National Debt Clock Ran Out of Digits

Just read that the National Debt clock in near Times Square has run out digits in an email from the Peter G. Peterson Foundation (I signed up for this email list after seeing I.O.U.S.A.):

National Debt Clock Ran Out of Digits
Now Follow the National Debt on Twitter.

In October, the National Debt Clock in New York City ran out of digits because of the escalating fiscal burden on our government. The clock serves as a reminder to everyone who passes that the government owes more to the public (in the form of Treasury bills and savings bonds), and more to itself (in the form of money it borrows from one pot to spend on another) with each passing single day. The Peter G. Peterson Foundation has found a way for everyone to follow the debt using Twitter at http://twitter.com/nationaldebt.

What is Twitter? Twitter is one of the newest social networking services through which each user answers the question “What are you doing?” using 140 characters or less.

The answer to that question is known as a “tweet,” and it’s visible by those who “follow” you. By “following” others, you’ll get their latest updates. It’s free, easy to use, and by “following” the national debt on Twitter, you’ll receive a daily “tweet” of the national debt as reported by the Treasury Department. Although this official number is the most commonly-cited national debt, it doesn’t scratch the surface of the actual federal fiscal burden.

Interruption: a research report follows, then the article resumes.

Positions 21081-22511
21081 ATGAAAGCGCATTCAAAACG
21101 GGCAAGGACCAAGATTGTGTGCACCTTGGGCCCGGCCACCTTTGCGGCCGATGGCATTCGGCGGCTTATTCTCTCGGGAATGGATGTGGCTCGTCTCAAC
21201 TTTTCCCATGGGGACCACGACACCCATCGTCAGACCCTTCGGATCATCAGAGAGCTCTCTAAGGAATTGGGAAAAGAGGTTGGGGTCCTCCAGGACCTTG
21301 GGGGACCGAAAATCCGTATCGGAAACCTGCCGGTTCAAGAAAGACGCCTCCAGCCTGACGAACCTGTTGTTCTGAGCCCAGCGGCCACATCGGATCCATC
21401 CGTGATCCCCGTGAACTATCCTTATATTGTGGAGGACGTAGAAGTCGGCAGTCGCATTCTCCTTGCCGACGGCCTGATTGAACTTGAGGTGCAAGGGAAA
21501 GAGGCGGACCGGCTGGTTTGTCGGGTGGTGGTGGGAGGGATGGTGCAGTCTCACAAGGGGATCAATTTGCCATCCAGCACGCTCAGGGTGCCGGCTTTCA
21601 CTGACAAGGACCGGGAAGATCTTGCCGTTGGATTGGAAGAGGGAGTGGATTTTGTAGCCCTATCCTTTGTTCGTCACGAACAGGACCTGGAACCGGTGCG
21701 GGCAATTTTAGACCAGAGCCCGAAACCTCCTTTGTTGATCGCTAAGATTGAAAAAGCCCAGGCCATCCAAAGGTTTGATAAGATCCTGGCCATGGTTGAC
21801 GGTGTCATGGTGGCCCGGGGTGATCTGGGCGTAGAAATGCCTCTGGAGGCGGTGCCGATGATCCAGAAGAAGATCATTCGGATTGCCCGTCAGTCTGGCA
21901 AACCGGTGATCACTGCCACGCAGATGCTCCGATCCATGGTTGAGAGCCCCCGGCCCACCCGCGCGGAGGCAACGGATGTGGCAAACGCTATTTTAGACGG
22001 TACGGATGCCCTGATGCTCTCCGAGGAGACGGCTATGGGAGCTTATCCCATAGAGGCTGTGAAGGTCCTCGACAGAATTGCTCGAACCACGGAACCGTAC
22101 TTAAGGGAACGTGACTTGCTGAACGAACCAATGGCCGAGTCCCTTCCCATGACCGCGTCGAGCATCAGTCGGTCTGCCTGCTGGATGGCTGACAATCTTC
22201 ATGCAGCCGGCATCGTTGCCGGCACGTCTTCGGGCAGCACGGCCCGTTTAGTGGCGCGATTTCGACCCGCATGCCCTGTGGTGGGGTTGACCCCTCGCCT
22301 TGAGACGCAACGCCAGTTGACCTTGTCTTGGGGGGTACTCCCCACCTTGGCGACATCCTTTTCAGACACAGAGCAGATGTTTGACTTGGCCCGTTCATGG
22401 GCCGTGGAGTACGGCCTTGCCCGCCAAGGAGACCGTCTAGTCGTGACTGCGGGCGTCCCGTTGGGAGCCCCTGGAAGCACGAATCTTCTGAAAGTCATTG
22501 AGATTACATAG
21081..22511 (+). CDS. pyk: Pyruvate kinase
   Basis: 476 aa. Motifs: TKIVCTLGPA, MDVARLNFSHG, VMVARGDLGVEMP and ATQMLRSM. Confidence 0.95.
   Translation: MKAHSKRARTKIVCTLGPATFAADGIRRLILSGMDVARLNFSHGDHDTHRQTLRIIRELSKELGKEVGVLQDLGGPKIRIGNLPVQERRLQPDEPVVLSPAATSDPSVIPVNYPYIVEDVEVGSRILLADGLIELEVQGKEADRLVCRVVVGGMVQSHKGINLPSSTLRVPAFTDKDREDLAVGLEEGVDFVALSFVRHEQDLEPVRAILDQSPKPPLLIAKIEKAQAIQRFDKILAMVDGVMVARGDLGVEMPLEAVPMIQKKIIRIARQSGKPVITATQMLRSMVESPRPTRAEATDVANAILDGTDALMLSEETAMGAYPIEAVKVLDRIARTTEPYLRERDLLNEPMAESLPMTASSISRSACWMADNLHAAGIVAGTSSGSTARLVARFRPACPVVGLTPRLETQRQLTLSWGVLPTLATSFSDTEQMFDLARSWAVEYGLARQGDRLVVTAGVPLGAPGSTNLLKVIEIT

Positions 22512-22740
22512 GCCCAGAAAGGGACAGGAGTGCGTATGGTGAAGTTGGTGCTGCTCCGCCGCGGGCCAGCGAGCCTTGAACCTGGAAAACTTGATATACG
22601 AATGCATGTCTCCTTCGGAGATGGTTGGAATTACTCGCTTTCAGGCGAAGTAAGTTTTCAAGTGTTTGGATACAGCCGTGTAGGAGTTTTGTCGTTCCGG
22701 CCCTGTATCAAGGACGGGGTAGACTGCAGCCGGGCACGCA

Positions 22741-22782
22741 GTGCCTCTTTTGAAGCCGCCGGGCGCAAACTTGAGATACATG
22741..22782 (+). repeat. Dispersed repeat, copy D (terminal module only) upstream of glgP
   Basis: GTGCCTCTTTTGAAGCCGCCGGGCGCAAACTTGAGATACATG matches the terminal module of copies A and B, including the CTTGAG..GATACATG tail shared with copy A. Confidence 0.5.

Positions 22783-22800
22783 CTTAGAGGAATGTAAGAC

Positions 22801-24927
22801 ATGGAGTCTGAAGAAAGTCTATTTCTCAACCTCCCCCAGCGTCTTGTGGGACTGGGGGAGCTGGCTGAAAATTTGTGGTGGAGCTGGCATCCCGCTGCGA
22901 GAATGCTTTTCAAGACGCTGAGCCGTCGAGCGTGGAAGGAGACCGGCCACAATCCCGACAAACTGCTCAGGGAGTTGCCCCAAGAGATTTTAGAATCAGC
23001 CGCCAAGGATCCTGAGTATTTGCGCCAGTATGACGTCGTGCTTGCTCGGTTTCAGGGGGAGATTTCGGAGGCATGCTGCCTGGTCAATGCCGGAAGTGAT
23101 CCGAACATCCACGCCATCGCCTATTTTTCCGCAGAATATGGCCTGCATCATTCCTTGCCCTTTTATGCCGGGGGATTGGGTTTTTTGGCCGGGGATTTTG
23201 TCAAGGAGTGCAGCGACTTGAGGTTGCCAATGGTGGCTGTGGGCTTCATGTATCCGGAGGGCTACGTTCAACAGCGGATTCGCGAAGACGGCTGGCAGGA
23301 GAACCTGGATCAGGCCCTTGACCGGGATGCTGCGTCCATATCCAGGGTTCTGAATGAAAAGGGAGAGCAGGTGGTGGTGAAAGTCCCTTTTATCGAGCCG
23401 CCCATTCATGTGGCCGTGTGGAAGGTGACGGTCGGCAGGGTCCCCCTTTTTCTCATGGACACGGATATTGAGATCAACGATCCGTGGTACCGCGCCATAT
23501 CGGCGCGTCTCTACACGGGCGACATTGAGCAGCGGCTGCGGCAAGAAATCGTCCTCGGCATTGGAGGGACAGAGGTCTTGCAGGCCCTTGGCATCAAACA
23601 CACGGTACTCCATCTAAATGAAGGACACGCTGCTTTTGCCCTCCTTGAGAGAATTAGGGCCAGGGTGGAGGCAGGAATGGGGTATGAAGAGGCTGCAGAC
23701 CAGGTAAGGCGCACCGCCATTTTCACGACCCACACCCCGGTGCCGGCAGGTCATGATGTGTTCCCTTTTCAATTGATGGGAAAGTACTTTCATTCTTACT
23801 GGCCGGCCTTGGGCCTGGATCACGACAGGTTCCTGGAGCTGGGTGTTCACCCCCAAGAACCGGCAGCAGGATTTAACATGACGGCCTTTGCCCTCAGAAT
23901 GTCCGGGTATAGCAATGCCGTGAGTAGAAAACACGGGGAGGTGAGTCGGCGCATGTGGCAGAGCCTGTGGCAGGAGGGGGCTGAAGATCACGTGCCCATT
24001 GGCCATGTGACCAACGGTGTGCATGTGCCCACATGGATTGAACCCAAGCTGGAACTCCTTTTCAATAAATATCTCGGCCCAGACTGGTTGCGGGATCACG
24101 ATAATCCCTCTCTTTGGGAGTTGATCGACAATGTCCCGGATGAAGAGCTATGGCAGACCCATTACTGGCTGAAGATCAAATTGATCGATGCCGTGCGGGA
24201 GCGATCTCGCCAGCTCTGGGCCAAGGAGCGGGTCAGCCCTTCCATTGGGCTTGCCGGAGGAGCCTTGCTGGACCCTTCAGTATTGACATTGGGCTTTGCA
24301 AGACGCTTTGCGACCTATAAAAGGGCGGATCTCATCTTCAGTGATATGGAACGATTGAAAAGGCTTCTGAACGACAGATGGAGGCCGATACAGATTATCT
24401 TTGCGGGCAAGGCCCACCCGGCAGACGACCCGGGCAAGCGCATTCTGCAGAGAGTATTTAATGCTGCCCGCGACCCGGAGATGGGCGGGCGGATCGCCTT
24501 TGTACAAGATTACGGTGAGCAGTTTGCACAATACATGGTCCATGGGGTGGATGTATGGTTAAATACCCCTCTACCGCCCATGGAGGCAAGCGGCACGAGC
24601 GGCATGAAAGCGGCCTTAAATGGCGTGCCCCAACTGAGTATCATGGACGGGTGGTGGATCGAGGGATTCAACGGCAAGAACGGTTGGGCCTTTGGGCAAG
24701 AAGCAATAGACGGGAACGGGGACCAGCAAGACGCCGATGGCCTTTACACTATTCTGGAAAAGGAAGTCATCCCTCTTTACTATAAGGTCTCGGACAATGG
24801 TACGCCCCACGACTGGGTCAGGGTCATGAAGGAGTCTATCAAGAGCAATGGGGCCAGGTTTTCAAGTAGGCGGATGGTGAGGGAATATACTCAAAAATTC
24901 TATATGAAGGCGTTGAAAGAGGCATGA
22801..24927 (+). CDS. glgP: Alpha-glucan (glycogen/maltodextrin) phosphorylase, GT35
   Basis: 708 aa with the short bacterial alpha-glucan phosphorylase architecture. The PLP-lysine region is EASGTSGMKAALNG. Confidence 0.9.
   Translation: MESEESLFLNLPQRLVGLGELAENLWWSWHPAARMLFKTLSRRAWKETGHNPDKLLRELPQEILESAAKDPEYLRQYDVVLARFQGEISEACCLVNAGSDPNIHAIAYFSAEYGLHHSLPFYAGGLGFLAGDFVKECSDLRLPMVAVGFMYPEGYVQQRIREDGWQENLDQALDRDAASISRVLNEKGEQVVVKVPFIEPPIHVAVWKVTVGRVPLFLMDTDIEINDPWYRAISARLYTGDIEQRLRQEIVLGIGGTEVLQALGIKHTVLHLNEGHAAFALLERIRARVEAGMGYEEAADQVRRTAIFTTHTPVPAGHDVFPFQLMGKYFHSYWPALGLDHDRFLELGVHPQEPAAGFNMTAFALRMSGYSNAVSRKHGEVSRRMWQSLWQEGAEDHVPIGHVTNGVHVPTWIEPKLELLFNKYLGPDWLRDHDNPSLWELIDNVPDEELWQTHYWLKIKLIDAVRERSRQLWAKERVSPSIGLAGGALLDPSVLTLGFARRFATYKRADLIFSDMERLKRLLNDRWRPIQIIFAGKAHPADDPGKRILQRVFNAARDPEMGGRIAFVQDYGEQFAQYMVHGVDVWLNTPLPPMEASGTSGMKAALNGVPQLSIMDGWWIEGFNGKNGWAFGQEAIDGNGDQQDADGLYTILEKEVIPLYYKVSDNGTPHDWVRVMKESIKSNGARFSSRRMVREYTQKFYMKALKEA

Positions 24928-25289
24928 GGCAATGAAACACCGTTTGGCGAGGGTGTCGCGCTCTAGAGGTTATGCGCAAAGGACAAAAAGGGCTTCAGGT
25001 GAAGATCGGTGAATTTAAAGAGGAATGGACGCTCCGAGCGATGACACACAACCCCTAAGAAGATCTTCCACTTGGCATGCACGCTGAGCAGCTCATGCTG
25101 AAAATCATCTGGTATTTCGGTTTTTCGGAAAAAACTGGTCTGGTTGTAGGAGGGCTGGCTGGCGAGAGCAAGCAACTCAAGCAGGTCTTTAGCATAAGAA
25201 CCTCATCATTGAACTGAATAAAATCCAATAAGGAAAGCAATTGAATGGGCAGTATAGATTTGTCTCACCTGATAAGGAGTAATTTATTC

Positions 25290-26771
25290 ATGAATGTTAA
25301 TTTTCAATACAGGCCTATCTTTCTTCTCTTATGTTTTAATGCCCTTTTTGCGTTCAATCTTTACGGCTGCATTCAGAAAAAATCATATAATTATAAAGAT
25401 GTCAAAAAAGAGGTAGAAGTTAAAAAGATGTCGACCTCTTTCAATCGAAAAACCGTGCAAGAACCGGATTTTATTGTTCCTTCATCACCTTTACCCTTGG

I suppose that $700 billion bailout put us over the top huh?

On the bright side, the email also shared the good news that I.O.U.S.A. is on the Academy Awards short-list for a best documentary feature nomination:

I.O.U.S.A. Makes Oscars Short List
For Best Documentary Feature

We’re proud to announce that our critically acclaimed film I.O.U.S.A. has just received another honor – and with it, the film is now a step closer to earning one of the highest awards a documentary can receive.

I.O.U.S.A. is officially on the short list for an Oscar nomination in the Best Documentary Feature category. The film, directed by Sundance veteran Patrick Creadon (Wordplay), is among the 15 documentary features that will now advance in the voting process designating the final five nominees for next year’s Academy Awards.

An Academy Award nomination would be more than just an honor for I.O.U.S.A. With the audience that the broadcast attracts – more than 30 million for last year’s ceremony alone – an Oscar nomination would be another chance to show the entire nation just how alarming our current economic situation really is.

Watch I.O.U.S.A.: Byte-Sized – The 30 Minute Version of I.O.U.S.A.

I highly recommend this movie.

That reminds me, I ought to finally read my copy of Peter G. Peterson’s Running on Empty: How the Democratic and Republican Parties Are Bankrupting Our Future and What Americans Can Do about It.

Click here to view the table of contents, here to read an excerpt, or here to read a chapter by chapter summary.

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